nytheatre.com review by Megin Jimenez
September 10, 2011
The international success of Riverdance has been a mixed blessing for the living art of Irish dance. While the show has nurtured welcoming audiences across the world, it also threatens to confine notions of the dance to the foggy realm of nostalgia for all things Irish. Noctú, a new "dance play" from the Ériu Dance Company, approaches this tension from the dancer's perspective. A spare storyline takes the point of view, on the one hand, of a female dancer feeling choked by the conformity exacted by tradition and, on the other, of a male dancer facing homophobic derision for pursuing dance. The focus, wisely, is on telling a story through movement rather than words. Ultimately, the intimate perspective is a means for the company to show the versatility of Irish dance, with choreography that tackles music ranging from Stravinsky to Leonard Cohen.
For all the experimentation, purists needn't doubt the company's credentials. The show was choreographed and directed by Riverdance principal dancer Breandán de Gallaí, and the company is made up of international Irish dance champions at the top of their game. There are a handful of more traditional numbers which mostly bring out the great power and military precision of the dance, with high kicks and percussive steps. The costuming also updates tradition, with kilts reduced to an austere black. Often, dancers are wearing simple spandex outfits, removing cultural context altogether and highlight the body instead.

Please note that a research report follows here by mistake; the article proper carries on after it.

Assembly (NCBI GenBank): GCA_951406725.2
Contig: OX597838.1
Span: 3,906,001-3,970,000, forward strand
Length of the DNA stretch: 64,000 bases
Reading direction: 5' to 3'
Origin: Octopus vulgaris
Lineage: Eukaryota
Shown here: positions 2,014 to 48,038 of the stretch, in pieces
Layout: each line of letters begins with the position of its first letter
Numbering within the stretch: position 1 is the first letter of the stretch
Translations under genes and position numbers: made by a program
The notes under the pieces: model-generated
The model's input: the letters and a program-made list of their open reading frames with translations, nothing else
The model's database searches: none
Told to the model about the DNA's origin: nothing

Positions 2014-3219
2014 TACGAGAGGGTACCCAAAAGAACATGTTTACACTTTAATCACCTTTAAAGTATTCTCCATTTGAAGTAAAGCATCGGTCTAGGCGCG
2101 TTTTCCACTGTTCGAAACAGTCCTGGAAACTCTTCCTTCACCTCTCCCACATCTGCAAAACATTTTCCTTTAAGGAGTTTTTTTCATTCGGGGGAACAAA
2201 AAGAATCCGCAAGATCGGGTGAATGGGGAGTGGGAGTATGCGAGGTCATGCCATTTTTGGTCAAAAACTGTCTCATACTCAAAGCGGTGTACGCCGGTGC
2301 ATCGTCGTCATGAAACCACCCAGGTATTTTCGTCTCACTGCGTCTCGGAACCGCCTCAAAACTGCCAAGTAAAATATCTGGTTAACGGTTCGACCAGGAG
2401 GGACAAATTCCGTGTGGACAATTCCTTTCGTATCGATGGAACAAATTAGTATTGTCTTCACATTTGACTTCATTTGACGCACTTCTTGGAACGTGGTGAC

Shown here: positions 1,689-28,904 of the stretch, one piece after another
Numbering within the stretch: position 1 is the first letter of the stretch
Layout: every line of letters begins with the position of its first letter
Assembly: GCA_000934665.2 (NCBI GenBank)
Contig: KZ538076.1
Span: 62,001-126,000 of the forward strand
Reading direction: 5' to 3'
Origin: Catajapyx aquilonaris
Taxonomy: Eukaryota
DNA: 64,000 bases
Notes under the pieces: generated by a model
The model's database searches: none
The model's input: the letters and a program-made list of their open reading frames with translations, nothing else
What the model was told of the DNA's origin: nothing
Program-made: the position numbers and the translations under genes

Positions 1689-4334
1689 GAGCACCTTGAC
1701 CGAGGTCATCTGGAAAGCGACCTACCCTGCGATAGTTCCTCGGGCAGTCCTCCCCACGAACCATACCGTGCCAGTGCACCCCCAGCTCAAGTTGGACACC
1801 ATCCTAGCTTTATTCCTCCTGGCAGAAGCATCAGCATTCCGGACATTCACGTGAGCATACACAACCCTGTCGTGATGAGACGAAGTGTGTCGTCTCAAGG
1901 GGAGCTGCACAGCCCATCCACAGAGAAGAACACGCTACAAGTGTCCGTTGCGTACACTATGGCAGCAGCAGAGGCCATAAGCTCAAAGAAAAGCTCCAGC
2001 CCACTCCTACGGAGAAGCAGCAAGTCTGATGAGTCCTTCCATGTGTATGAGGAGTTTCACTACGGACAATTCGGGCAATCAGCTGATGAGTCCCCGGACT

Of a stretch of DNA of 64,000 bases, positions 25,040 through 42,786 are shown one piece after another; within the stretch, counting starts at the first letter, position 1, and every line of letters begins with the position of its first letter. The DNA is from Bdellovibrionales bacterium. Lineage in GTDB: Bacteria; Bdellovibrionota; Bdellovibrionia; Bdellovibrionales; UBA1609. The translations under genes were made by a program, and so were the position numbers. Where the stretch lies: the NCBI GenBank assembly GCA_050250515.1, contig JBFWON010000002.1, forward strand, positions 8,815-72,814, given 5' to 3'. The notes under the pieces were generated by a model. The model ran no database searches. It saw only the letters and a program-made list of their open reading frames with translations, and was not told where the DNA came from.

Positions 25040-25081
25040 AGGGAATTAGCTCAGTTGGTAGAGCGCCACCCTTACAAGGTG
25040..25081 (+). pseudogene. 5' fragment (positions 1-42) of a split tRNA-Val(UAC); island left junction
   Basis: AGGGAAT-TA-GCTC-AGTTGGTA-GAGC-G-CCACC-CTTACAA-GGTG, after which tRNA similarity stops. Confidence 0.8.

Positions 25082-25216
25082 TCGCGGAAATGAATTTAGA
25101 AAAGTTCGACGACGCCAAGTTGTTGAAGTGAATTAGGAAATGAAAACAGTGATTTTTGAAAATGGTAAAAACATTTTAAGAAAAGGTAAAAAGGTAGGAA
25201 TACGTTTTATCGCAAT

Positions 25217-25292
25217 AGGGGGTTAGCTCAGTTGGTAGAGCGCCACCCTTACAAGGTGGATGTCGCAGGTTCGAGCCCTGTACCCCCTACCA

In one unconventional number, tango music works surprisingly well in showcasing the potential for masculine force within the dance, as well as its ability, like tap dance, to tease infinite rhythms out of any beat. Most unique are the pieces danced barefoot. The electronic effervescence of Bjork's "Violently Happy" is made manifest when the loud shoes are replaced by a light-as-air bounce from the company. Solo numbers are also a nice break from tradition—Cake's 1996 cover of Gloria Gaynor's "I Will Survive" turns out to be a fitting expression of male longing.
The production is an odd hybrid, but it works. It reminds us that we live in a cosmopolitan world, with a "shuffle" option on music from all kinds of times and places. The dancers of Noctú give motion and a physical charge to this mix with the tools they have, and from this perspective, the show makes sense. The small-scale Irish Repertory Theatre is a great space to watch it from up close.
"Noctú" is the Irish word for the verb for "to bare or uncover," and at several points the dancer's bodies are indeed stripped nearly bare. Questions of tradition, modernity or post-modernity aside, at its most basic level, Noctú offers a chance to appreciate the beauty of the human figure in the rapture of a perfect movement.